More headlines... www.indianz.com

09 June 2011: Today's Democracy Now!


Obama Hides Meeting with Top Bahraini Leader—And Mutes Criticism of Ongoing Crackdown

Amidst an intensifying crackdown on anti-government protesters in the tiny Gulf island kingdom of Bahrain, President Obama met Tuesday with Crown Prince Salman bin Isa al-Khalifa, a visit that was not announced beforehand. We speak with Nabeel Rajab, president of Bahrain’s Center for Human Rights, based in Manama. "On the ground, we don’t see anything, any signal, that makes us optimistic that the government has the willingness to go for a dialogue with the opposition and to listen to the grievances and the demands of the people," says Rajab, noting that soldiers from Saudi Arabia, Jordan and Bahrain continue to arrest protesters and the doctors treating those injured during pro-democracy demonstrations. [includes rush transcript]
Critics Dub Planned Puerto Rico Pipeline the "Death Route" for Alleged Threat to Environment, Public Health

President Barack Obama is due to visit Puerto Rico next week in what will be the first official U.S. presidential visit to the territory in 50 years. His trip comes as controversy grows over a proposed 92-mile natural gas pipeline that would cut across much of the island. Puerto Rico Governor Luis Fortuño has made the $450 million project a central goal of his administration and insists it is a safe and environmentally friendly way to lower utility bills. Called Vía Verde (Green Way), the pipeline has been dubbed Vía de la Muerte (Death Route) by critics who say it will expose people living near it to deadly explosions, and cause irreversible damage to the island’s environmental and cultural resources. We speak with Dr. Arturo Massol, a biology professor and director of the Scientific and Technical Commission of Casa Pueblo, a community-based organization in Puerto Rico that is leading opposition against the pipeline project. He calls for development of infrastructure that can harness the island’s solar and wind power to meet its energy needs.
Annie Jacobsen on New Book, "Area 51: An Uncensored History of America’s Top Secret Military Base"

Located some 80 miles north of Las Vegas, the secret U.S. military base Area 51 in Nevada was established in the 1950s to build and test hi-tech spy and war planes including the U2, the stealth bomber and surveillance drones. Located inside the Nevada Test and Training Range, Area 51 also played a key role in nuclear weapon tests. For decades, the government denied Area 51 even existed, but in recent years many CIA and military documents have been declassified. We speak with Annie Jacobsen, author of the new book, "Area 51: An Uncensored History of America’s Top Secret Military Base."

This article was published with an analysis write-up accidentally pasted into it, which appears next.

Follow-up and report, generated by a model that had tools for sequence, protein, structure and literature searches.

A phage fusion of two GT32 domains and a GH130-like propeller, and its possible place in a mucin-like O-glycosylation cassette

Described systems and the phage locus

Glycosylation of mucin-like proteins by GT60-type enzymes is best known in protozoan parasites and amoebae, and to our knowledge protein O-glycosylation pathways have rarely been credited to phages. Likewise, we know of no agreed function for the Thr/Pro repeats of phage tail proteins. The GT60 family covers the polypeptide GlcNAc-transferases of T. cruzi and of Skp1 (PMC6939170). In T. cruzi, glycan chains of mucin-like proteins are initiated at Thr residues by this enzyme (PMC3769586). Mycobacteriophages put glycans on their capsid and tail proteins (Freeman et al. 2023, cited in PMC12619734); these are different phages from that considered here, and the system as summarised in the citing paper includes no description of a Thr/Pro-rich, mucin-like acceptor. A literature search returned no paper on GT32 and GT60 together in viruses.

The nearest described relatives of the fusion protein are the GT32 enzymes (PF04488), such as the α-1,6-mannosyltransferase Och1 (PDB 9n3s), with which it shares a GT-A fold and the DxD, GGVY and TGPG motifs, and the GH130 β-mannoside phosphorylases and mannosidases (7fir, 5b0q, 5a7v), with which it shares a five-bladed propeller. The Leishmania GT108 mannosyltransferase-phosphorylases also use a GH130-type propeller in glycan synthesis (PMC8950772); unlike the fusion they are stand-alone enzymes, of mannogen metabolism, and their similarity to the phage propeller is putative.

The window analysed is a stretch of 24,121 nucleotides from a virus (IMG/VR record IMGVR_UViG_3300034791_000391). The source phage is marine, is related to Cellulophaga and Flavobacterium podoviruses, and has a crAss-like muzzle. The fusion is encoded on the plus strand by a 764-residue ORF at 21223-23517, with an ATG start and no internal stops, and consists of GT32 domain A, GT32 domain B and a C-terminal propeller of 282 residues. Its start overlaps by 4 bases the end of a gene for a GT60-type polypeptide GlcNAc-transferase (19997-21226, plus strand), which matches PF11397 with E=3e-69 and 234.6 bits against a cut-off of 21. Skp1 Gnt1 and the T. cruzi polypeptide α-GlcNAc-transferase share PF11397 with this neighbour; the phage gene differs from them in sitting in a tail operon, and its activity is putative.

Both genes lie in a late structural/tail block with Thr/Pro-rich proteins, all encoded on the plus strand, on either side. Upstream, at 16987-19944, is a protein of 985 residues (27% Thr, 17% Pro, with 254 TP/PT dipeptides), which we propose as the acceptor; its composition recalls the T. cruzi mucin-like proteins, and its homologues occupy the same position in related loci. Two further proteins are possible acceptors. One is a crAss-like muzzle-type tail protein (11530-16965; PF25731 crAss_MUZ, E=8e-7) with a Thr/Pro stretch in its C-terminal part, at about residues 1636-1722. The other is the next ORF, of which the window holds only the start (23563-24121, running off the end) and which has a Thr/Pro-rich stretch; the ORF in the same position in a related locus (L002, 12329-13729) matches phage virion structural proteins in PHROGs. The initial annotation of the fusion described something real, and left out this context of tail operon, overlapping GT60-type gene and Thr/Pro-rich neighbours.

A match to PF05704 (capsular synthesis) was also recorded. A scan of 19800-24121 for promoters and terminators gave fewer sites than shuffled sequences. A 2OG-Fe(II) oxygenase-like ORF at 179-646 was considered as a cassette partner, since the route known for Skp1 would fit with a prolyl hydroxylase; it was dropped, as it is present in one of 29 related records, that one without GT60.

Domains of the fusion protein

Today's Headlines:

•U.S. Increases Secret Yemen Bombings in Saleh’s Absence
•Clinton Meets With Libya Contact Group in UAE
•ICC Prosecutor: Gaddafi Sanctioned Rape Against Opponents
•U.N. Security Council to Debate Syria Censure
•Senate Panel Questions Afghan Spending
•Obama Expresses "Sorrow" for Afghan Deaths
•Al-Qaeda Leader Threatens U.S.
•Egypt-Gaza Border Reopens
•U.N. Convenes AIDS Session, Hundreds Protest for Universal Treatment
•Sudan Rejects New Genocide Allegations From ICC
•Prosecution of NSA Whistleblower Thomas Drake in Doubt


Wednesday, June 08, 2011
•Bill Moyers on His Legendary Journalism Career: "Democracy Should Be a Brake on Unbridled Greed and Power"

Tuesday, June 07, 2011
•Trapped in Gaza: Rafah Crossing Closed to Palestinians Soon After Egyptian Pledge to Reopen It
•“There is a Women’s Spring Beginning”: Playwright Eve Ensler and Congolese Activist Christine Schuler Deschryver on Gender Violence in Congo
•Eve Ensler Responds to Sexual Assault Charges Filed Against Former IMF Chief Dominique Strauss-Kahn

Monday, June 06, 2011
•Yemenis Celebrate as President Saleh Flees to Saudi Arabia, Transfers Power to Vice President
•Former Black Panther Leader, Geronimo Ji-Jaga Pratt, Wrongfully Imprisoned for 27 Years, Dies in Tanzania
•Dr. Gabor Maté: Obama Admin Should Heed Global Panel’s Call to End "Failed" U.S.-Led Drug War

Tune in tomorrow: www.democracynow.org

Woman expected to plead guilty in 2001 UW arson